The provisional deal will give Foster Wheeler investors $16 in cash and 0.9 of a new Amec share, equivalent to a total $32, for each share they hold, the London-based company said today in a statement. It will seek a U.S. listing after the purchase.
The transaction will boost capacity in the oil products and petrochemicals business at Amec, now mainly focused on helping companies get oil and gas out of the ground. Foster Wheeler has worldwide operations and has been working in Saudi Arabia and the United Arab Emirates since the 1970s, according to its website. Amec is valued at 3.2 billion pounds ($5.3 billion).
“The most important thing this deal is about, if you look at gas prices and monetization, is growing markets in the U.S. and the Middle East,” Chief Executive Officer Samir Brikho said on a call. “This deal enhances our positions in both.”
Amec advanced 2.4 percent, the biggest gain since Nov. 5, to 1,105 pence in London trading. Foster Wheeler climbed 1.1 percent to $31.78 as of 11:19 a.m. in New York.
The takeover will see Amec’s revenue in “growth regions” doubling. Profit will rise at least 10 percent in the first year and returns exceed the cost of capital in the second, it said.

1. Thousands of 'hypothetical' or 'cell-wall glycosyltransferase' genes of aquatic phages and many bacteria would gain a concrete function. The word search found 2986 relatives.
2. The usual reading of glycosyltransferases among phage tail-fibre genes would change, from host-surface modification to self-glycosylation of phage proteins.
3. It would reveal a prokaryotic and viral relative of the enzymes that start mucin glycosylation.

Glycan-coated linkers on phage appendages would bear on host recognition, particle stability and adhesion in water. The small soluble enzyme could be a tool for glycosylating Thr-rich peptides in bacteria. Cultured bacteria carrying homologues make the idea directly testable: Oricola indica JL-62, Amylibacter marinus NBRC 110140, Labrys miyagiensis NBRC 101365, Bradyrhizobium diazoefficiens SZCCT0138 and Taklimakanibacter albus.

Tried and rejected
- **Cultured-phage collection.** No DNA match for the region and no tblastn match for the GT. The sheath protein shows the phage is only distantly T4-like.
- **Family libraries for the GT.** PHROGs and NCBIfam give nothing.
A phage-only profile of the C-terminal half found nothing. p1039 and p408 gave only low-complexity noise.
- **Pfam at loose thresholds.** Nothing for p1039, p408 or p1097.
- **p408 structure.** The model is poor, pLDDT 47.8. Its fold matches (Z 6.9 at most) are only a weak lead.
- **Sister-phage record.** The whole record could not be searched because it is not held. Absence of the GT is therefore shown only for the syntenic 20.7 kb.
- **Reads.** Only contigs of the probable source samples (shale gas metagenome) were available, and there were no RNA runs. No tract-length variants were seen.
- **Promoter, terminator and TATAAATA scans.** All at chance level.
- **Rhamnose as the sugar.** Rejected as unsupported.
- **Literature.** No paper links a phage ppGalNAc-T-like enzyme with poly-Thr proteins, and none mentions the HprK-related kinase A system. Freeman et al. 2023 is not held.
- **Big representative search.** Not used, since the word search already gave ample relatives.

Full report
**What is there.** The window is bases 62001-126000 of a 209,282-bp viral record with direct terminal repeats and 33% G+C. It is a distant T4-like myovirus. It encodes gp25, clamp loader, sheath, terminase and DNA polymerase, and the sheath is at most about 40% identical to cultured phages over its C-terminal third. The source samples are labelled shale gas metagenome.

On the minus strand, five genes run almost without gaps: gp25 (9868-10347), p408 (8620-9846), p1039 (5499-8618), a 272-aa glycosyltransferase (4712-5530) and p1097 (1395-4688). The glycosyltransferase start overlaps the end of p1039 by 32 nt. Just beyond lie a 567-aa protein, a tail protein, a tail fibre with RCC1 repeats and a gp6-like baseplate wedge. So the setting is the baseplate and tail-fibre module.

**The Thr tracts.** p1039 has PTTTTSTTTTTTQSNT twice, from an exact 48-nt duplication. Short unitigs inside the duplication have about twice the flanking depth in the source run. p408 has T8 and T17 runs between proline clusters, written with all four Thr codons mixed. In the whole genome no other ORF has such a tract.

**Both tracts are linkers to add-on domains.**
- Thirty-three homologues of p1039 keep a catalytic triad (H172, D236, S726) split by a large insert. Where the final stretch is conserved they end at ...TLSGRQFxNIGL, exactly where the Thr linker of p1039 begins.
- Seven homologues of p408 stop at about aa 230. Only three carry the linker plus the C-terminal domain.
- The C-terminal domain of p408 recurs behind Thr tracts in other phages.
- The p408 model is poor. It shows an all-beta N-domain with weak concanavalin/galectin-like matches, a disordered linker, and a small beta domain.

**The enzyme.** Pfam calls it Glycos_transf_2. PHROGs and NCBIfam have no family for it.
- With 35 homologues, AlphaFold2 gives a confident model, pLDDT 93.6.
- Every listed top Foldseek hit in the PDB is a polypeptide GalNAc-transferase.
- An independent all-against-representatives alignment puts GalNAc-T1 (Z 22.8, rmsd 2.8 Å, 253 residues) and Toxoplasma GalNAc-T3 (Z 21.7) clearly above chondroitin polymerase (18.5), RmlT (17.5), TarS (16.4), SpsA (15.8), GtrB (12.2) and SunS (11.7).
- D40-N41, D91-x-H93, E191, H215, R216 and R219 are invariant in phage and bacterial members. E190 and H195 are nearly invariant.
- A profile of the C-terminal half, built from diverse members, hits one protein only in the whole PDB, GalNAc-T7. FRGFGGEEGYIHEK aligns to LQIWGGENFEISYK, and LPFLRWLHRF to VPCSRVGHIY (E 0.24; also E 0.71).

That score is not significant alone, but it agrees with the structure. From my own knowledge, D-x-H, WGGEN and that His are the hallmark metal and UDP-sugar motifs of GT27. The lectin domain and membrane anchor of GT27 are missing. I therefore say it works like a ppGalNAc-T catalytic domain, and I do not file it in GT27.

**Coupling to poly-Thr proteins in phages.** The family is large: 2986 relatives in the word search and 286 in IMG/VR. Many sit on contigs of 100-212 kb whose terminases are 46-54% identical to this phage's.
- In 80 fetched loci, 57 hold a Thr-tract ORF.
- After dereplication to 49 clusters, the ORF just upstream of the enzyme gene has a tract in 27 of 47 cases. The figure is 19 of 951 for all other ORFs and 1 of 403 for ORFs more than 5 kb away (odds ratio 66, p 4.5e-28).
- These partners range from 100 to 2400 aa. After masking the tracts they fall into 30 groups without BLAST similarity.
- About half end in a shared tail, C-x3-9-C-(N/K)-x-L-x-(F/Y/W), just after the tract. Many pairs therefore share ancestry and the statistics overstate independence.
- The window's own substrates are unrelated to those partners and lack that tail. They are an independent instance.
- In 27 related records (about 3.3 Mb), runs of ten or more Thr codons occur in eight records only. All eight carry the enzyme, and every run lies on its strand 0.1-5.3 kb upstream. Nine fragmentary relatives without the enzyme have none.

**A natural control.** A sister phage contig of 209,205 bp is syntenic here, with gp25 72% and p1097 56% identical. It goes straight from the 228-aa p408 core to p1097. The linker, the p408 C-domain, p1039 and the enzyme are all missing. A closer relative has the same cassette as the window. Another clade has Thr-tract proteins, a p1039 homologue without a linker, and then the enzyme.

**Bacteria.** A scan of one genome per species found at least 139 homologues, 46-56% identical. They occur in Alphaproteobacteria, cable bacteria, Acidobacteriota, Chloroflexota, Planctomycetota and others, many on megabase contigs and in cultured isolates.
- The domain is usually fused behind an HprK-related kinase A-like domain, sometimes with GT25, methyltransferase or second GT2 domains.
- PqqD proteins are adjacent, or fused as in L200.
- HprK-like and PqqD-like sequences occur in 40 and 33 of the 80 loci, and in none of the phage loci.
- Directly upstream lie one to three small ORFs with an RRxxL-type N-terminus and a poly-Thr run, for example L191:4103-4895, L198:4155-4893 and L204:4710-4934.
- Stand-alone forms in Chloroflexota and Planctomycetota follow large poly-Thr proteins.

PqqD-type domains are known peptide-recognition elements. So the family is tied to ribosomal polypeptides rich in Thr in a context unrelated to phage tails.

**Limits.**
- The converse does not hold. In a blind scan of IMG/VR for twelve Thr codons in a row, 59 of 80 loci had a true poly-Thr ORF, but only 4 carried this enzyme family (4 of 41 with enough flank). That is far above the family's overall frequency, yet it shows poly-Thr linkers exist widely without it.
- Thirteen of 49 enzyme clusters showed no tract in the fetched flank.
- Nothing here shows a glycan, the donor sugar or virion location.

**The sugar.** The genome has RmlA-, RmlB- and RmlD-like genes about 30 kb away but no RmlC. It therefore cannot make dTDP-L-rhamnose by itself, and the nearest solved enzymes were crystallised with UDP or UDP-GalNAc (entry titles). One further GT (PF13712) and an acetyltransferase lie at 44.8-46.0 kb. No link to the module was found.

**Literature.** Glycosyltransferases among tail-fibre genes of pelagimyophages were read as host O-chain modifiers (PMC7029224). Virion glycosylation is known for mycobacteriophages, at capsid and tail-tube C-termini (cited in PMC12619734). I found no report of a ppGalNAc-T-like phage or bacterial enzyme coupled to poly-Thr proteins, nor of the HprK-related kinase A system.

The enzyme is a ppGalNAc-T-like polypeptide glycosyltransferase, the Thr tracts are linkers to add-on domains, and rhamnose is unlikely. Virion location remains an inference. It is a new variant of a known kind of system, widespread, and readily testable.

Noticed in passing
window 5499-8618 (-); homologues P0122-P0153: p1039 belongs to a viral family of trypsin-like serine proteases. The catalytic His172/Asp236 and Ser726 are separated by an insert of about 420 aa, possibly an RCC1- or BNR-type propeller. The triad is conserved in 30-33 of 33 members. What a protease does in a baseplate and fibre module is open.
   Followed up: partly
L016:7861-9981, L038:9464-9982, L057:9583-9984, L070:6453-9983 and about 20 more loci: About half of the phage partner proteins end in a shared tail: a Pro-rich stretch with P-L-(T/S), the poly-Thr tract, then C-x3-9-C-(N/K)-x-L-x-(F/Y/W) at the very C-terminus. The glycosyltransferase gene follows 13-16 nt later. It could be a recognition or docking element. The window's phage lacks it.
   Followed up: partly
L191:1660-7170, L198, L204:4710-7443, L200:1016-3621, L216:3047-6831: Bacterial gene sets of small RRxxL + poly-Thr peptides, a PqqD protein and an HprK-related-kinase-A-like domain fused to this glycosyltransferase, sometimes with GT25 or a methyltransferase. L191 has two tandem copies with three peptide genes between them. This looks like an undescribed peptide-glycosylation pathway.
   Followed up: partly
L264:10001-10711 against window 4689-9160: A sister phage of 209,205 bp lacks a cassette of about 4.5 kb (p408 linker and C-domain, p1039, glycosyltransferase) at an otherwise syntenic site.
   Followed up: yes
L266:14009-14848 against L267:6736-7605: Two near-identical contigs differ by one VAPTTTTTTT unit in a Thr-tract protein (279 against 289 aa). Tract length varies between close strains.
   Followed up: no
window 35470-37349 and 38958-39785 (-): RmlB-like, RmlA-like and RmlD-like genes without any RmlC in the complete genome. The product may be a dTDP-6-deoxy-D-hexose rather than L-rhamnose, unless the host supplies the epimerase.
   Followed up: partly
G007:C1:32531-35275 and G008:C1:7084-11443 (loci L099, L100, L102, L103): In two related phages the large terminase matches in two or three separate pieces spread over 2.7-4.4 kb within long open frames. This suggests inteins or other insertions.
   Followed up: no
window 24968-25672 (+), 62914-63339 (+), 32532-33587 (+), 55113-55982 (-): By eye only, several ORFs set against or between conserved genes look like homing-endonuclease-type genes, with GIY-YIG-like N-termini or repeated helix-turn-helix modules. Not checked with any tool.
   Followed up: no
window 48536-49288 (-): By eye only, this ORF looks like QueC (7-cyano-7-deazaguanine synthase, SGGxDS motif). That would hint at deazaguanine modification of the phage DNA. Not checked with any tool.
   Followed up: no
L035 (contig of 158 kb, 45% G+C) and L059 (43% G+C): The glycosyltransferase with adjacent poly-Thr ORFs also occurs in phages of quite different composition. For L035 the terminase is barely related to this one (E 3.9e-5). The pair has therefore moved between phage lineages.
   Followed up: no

The cash part of the deal will cost about 1 billion pounds, and the company currently has about 100 million pounds of cash, Chief Financial Officer Ian McHoul said on the call. Amec will use current funds and new debt for that portion of the purchase.
Foster Wheeler, based in Zug, Switzerland, had a market value of $3.1 billion at the end of last week after gaining 25 percent in the fourth quarter, when talks with Amec and Petrofac Ltd., the largest U.K. oil services provider, were reported.
Amec’s offer represents a 0.6 percent premium over the 20-day average price, compared with a 32 percent premium for global oil and gas services deals in the past year, according to data compiled by Bloomberg.
“The fact that there is no real premium offered to shareholders is not really surprising as takeover rumors made the round already,” said Geoffroy Stern, a Kepler Cheuvreux analyst in Paris. “We do not believe in a counter bid from any competitor as Foster Wheeler has been for sale for a while.”
Amec expects to close the deal, subject to conditions, in the second half. Foster Wheeler, which would take two seats on the U.K. board, agreed not to seek out other offers before Feb. 22, when agreement on the final terms is expected, Amec said.
The engineer’s offer of as much as 680 million pounds in August for Kentz Corp., to expand its energy construction and services business, was rejected by the Irish company.
Amec also said today the pound’s climb against the dollar will curb its earnings before interest, tax, depreciation and amortization this year by about 10 million pounds. Gains from Foster Wheeler won’t be fully realized this year so Amec won’t meet targeted earnings per share of 100 pence in 2014, it said.
Bank of America-Merrill Lynch and Linklaters LLP advised Amec on the deal, while JPMorgan Chase & Co. advised Foster Wheeler.
To contact the reporter on this story: Brian Swint in London at email@example.com
To contact the editor responsible for this story: Will Kennedy at firstname.lastname@example.org